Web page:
Martin told us the short answer is “yes”. But he added that the story is a bit more complicated than a yes/no answer can do justice. Here is what he said.
“The first raise we did, we joined an impact accelerator, after our seed round. And and I think, for us, one thing is the story that you communicate. But another thing is also the the self-belief in the kind of company that you are building and the kind of talent that you attracting. And I think that has been a part of our core DNA since day one. The empowerment of the entrepreneur [mission] is so strong, that’s not something that we’re ever going to divert from.
“I think you see, especially in Sub Saharan Africa, that it's almost impossible these days to raise early stage money without having a powerful impact story. But then, when you get to a post-seed round, and before Series A, you'll see a pretty massive vacuum. And then, while the impact story still has to be there, it becomes a pure numbers game.”
So as the rounds get larger, the scale story has to be at least as strong as the impact story. That makes sense. After all, bigger company, bigger impact.
Martin pointed to one downside he is seeing to the current emphasis on impact stories. In his view, too many startups are using an impact story to secure early-stage funding. And then failing to survive to future rounds because their businesses are not viable.
“Too many companies are getting access to easy money too soon. And too few good companies are getting access to the proper VCs, which in the key to getting to a Series A round,” Martin said.
“It was incredibly easy to get access to the first money and I see a lot of startups getting access to that. And then it becomes harder. But that's part of evolution.”
Her company offers a blockchain-based digital wallet designed to help refugees and small traders safely move money across borders using a feature phone.
We asked Tori if the fact that the word “refugee” appears in her company’s mission made it more or less challenging to raise capital. Here is how she responded on the podcast.
“I think that the refugee, the refugee story, definitely helps attract interest and sometimes grant capital, but it also can serve as a deterrent to certain forms of investment.
“So I wouldn't say that all VCs are turned off by that. But it definitely comes with a certain stigma to some. One of the things that we've been really, really passionate about from the beginning is making sure that we get the right people on our cap table, the right people on our board. And so finding investors that have an appetite for not just a comfort level with an appetite for working in emerging markets, with a population that is generally overlooked, and underestimated is very important to us.”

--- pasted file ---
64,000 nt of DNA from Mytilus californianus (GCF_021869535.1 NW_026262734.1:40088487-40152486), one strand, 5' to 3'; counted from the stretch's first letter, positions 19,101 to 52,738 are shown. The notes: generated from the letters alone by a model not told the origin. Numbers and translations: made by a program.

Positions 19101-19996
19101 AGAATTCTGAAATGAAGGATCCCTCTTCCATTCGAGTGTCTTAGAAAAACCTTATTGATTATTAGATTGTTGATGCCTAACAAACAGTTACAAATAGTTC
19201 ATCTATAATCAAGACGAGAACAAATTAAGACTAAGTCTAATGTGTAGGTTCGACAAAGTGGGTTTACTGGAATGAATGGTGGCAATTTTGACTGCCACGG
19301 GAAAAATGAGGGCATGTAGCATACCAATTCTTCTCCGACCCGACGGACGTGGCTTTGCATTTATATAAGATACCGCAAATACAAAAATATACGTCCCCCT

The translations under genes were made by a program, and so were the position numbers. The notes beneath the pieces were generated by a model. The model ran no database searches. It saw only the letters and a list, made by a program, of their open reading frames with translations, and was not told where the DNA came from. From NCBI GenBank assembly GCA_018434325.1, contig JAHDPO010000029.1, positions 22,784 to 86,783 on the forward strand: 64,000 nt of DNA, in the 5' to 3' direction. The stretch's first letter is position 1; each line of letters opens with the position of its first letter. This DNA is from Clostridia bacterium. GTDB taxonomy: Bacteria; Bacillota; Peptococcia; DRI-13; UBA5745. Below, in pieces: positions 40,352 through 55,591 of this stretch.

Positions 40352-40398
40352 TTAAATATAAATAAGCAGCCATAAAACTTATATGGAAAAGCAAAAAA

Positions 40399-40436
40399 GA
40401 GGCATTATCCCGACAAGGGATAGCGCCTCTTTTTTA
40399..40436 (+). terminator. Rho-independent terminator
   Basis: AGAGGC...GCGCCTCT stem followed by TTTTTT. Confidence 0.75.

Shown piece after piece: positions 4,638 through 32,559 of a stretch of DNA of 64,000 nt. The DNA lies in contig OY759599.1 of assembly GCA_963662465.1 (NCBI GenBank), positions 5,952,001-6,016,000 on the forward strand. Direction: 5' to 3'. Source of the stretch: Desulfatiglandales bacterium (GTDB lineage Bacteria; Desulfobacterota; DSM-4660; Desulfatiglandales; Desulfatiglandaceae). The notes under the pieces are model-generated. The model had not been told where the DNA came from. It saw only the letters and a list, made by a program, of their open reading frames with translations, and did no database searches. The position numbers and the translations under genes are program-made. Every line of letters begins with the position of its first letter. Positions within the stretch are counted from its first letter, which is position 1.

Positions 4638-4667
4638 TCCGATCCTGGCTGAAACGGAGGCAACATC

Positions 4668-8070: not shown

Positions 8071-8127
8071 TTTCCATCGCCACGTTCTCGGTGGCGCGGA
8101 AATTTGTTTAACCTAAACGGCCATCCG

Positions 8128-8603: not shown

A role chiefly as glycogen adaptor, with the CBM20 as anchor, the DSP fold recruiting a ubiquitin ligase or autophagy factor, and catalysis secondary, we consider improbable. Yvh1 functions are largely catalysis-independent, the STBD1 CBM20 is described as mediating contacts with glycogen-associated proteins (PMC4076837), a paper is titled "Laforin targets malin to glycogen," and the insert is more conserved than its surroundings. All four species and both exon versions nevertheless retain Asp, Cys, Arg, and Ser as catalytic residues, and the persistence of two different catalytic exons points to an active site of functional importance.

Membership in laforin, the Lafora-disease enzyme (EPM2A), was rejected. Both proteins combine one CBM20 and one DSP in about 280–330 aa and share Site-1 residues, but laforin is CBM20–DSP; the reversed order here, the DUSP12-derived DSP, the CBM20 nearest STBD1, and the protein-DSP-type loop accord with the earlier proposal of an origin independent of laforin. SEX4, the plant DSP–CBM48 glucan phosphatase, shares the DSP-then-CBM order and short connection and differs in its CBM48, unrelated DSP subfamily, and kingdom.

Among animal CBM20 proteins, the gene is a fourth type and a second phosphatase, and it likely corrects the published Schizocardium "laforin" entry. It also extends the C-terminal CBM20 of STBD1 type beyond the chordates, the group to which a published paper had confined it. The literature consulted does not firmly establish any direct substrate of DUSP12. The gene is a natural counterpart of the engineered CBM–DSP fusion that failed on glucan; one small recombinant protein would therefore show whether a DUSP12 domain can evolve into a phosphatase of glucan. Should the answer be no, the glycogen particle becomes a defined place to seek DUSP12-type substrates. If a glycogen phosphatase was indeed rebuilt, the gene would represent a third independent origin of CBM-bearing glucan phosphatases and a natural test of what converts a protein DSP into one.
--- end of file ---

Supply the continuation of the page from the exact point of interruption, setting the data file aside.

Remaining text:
Nigeria’s Payhippo Joins YCombinator
Payhippo, a company we’ve recently featured in the newsletter, has been accepted into YCombinators Summer 2021 Accelerator Cohort.
YCombinator is a legendary seed-stage investor and accelerator that has a standard deal for early-stage startups — US$125,000 for 7% equity. In addition to the cash, startups get access to the accelerator’s basic business training, as well as access to the network of alums that serves as a future resource for mentorship, partnerships, and funding.
Back in July, we covered Payhippo’s $1 million pre-seed round, designed to help it build out an SMME micro-lending business, which launched in January 2020. The company sees a massive opportunity to help Nigeria’s 40 million SMMEs get faster access to the small loans they need to purchase stock and raw materials, pay rent, and so on. Cash flow is a killer, and quick access to cash can make the difference in survival for many small businesses.
Payhippo has been growing at a 25% per month since it launched in January 2020. And it reports revenue of US$27,000 in May 2021. At a steady-state of 25% growth, this works out to roughly $600,000 in revenue for the calendar year 2021. Of course, this figure could vary considerably if the company’s growth accelerates (or declines, but that seems less likely).